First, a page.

May 15, 2014
“I’d never had such a mind opening experience, with all the shared knowledge, inspiration and realized community. I left the Caucus and Sunday training with deep newfound focus in both activism and life.” – Rebecca Ince
Wow! What a Caucus!
On May 3rd and 4th we held our incredibly successful 22nd annual Rural Caucus & Strategy Session in Hood River, hosted by the amazing Gorge Ecumenical Ministries/Building Community Connections and Nuestra Comunidad Sana!
100 of rural Oregon’s most innovative, provocative, and strategic thinkers converged to discuss how racism is playing out in our communities, ways that human dignity organizers can dig in to address inequity locally, and building our collective plans for the year full of challenges and opportunities ahead of us!
Click here to check out the photos!
Kicking the day off, Kayse Jama, Director of the Center for Intercultural Organizing, shared his vision of what racial justice looks like — and it looks like building a new house of justice with a real foundation in equity.
A panel of local and statewide leaders discussed their local work, movement strategies, and what racial justice looks like to them, including Ramon Ramirez of PCUN, Graciela Gomez of Nuestra Comunidad Sana in Hood River County, Jorge Hernandez of the Immigration Information Response Team in Lincoln County, Dancer Davis of Occupy Roseburg in Douglas County, and Ines Peña, Keyla Almazan, and Sally Godard of UNIDOS Bridging Community in Yamhill County. One highlight was when a panel participant shared, “we’ve got to up the ante! Last week there was one act of civil disobedience that included some human dignity group leaders. We need to duplicate that ten times over!” (referring the sit in action at Walden’s office pushing for Immigration Reform the week prior).
Here are a few key highlights of our breakouts and strategy sessions of the day:
** ROP announced the launch of the Small Town Oregon Listening Project! Together, as a movement for human dignity in rural Oregon, we aim to spend the next few months putting our collective ears to the ground to hear how racism, white supremacist organizing, and economic conditions are putting pressure on rural communities of color and low-income communities. The ways we plan to do that include local community conversations and the Small Town Community Survey that helps us name how our neighbors are feeling vulnerable or insecure. Thanks to all Caucus participants who “tested” the survey by filling it out and giving feedback for ROP to refine for our statewide release!
** Folks learned about the systemic history of racism in a workshop by Ahjamu Umi of the All African People’s Revolutionary Party. In a session led by Cynthia Lin from the Western States Center, leaders strategized on how to incorporate a racial justice lens to their local work. Dianne Riley of the Social Justice Fund Northwest led a workshop on learning to tell our stories around race and class.
** In an exciting afternoon session, It Takes a Movement to Protect Your Home and Community, folks drew connections between stopping deportations, halting foreclosure and home defense, and emergency community response and strategized on organizing people-powered systems to keep our communities together and safe. In a session on What’s At Stake?! on this year’s ballot human dignity group leaders evaluated how the Right operates, how the Right is using the ballot this year to target our communities, and left with commitments on what neighbor-to-neighbor strategies they will use in their communities to fight back at the ballot and beyond.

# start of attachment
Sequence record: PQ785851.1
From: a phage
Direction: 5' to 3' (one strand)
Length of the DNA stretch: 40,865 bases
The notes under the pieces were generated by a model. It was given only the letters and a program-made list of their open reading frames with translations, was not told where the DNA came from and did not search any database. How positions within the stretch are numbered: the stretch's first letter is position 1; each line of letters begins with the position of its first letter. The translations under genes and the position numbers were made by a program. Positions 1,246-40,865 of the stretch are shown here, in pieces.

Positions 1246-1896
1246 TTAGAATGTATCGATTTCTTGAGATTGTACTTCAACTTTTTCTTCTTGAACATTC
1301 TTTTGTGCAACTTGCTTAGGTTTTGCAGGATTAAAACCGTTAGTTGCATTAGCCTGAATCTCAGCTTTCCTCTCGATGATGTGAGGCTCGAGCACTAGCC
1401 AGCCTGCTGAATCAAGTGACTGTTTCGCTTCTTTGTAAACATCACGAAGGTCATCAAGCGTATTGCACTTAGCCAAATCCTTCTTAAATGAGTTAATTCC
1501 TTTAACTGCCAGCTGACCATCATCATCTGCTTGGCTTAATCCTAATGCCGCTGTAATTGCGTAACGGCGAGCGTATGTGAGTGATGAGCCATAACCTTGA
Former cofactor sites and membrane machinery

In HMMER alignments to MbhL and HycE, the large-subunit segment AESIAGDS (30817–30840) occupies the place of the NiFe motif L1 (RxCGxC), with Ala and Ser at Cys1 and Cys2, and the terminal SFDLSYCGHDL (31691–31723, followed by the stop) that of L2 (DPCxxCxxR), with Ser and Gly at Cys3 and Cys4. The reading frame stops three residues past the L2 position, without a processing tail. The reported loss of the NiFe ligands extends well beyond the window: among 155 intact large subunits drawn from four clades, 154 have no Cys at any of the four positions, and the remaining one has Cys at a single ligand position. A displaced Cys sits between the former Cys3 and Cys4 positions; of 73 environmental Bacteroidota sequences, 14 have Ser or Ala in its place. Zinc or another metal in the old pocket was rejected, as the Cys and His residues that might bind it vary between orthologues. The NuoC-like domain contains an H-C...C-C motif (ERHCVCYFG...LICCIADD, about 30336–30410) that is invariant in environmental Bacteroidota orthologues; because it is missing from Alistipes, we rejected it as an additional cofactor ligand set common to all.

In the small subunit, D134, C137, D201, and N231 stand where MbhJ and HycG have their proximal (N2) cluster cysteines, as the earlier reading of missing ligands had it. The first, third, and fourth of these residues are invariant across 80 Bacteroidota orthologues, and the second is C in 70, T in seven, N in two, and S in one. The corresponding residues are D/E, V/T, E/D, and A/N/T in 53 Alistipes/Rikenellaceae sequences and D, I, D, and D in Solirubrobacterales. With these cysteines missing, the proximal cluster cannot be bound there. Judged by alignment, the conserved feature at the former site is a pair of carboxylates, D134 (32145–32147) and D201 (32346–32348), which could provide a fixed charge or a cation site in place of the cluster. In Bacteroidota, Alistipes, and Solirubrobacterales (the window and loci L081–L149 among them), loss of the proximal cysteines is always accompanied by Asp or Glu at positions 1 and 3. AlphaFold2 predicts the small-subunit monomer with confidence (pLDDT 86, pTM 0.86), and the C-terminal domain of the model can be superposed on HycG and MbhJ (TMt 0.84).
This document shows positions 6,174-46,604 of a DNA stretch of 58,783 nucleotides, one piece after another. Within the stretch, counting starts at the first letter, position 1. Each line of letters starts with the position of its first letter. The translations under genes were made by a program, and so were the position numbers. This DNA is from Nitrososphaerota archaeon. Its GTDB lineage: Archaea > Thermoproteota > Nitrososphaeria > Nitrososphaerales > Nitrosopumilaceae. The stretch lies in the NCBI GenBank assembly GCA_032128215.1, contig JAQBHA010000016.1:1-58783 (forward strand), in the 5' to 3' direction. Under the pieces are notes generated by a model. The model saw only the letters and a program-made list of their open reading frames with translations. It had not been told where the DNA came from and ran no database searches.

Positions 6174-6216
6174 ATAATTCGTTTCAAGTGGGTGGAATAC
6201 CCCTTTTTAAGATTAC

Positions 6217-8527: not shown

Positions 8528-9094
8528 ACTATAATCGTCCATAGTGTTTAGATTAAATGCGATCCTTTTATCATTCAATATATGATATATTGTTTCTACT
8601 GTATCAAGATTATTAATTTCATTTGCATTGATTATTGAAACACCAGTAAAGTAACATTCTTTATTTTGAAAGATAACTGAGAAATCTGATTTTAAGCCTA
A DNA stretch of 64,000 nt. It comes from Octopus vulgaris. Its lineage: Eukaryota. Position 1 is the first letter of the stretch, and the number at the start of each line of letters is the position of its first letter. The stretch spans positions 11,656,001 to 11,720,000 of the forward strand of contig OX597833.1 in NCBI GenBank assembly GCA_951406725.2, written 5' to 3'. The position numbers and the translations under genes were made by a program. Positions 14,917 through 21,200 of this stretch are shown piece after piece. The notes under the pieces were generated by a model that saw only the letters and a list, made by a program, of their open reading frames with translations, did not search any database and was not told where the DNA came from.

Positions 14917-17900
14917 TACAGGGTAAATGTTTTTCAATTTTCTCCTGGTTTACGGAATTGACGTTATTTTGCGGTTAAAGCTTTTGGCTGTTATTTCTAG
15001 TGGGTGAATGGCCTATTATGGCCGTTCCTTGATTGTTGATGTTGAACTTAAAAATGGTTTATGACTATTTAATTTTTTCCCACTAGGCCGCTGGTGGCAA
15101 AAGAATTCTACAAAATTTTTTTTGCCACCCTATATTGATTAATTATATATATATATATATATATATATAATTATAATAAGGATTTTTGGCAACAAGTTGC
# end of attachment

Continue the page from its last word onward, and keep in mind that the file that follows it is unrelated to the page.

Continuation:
** In Advancing Racial Justice and Immigrant Rights in 2014, local leaders dove into strategies for continuing the struggle against Immigration & Customs Enforcement (ICE) holds in our local jails that result in deportations from our local communities, stopping deportations, and defending the driver’s card in this year’s election. The idea of taking bold action to defend our communities with a month of action for human dignity and immigrant’s rights in October was introduced and discussed. In our 2014 Latino Think Tank, Latino leaders from across the state gathered to build community, strengthen relationships, and to strategize on how to build up Latino-led organizing in rural Oregon.
** Our entire day had both English and Spanish language opportunities! Attendees had the option to participate in English or Spanish throughout the entire day – from the morning plenary to the various breakouts during the day.
And we didn’t stop on Saturday!
On Sunday, Andrew Willis Garces of Training for Change led 50 human dignity leaders in an energizing direct action training, including a full run-through of a powerful civil disobedience action and strategy sessions around De-ICEing Oregon (stopping deportations and defending our communities against ICE) and taking action to defend the driver’s card. We closed out with commitments to continue to connect around opportunities to take a powerful stand with our communities, and to bring our strategies into action to defend human dignity in the coming year.
Many thanks to all of this year’s presenters, volunteers, and to all of you that came out to make this year’s caucus a success. It felt like such an honor to share those rooms with you all. Look below for more pictures! And keep a look out for updates on the listening project, stopping deportations, and continuing the fight for human dignity in our state!
May 15, 2014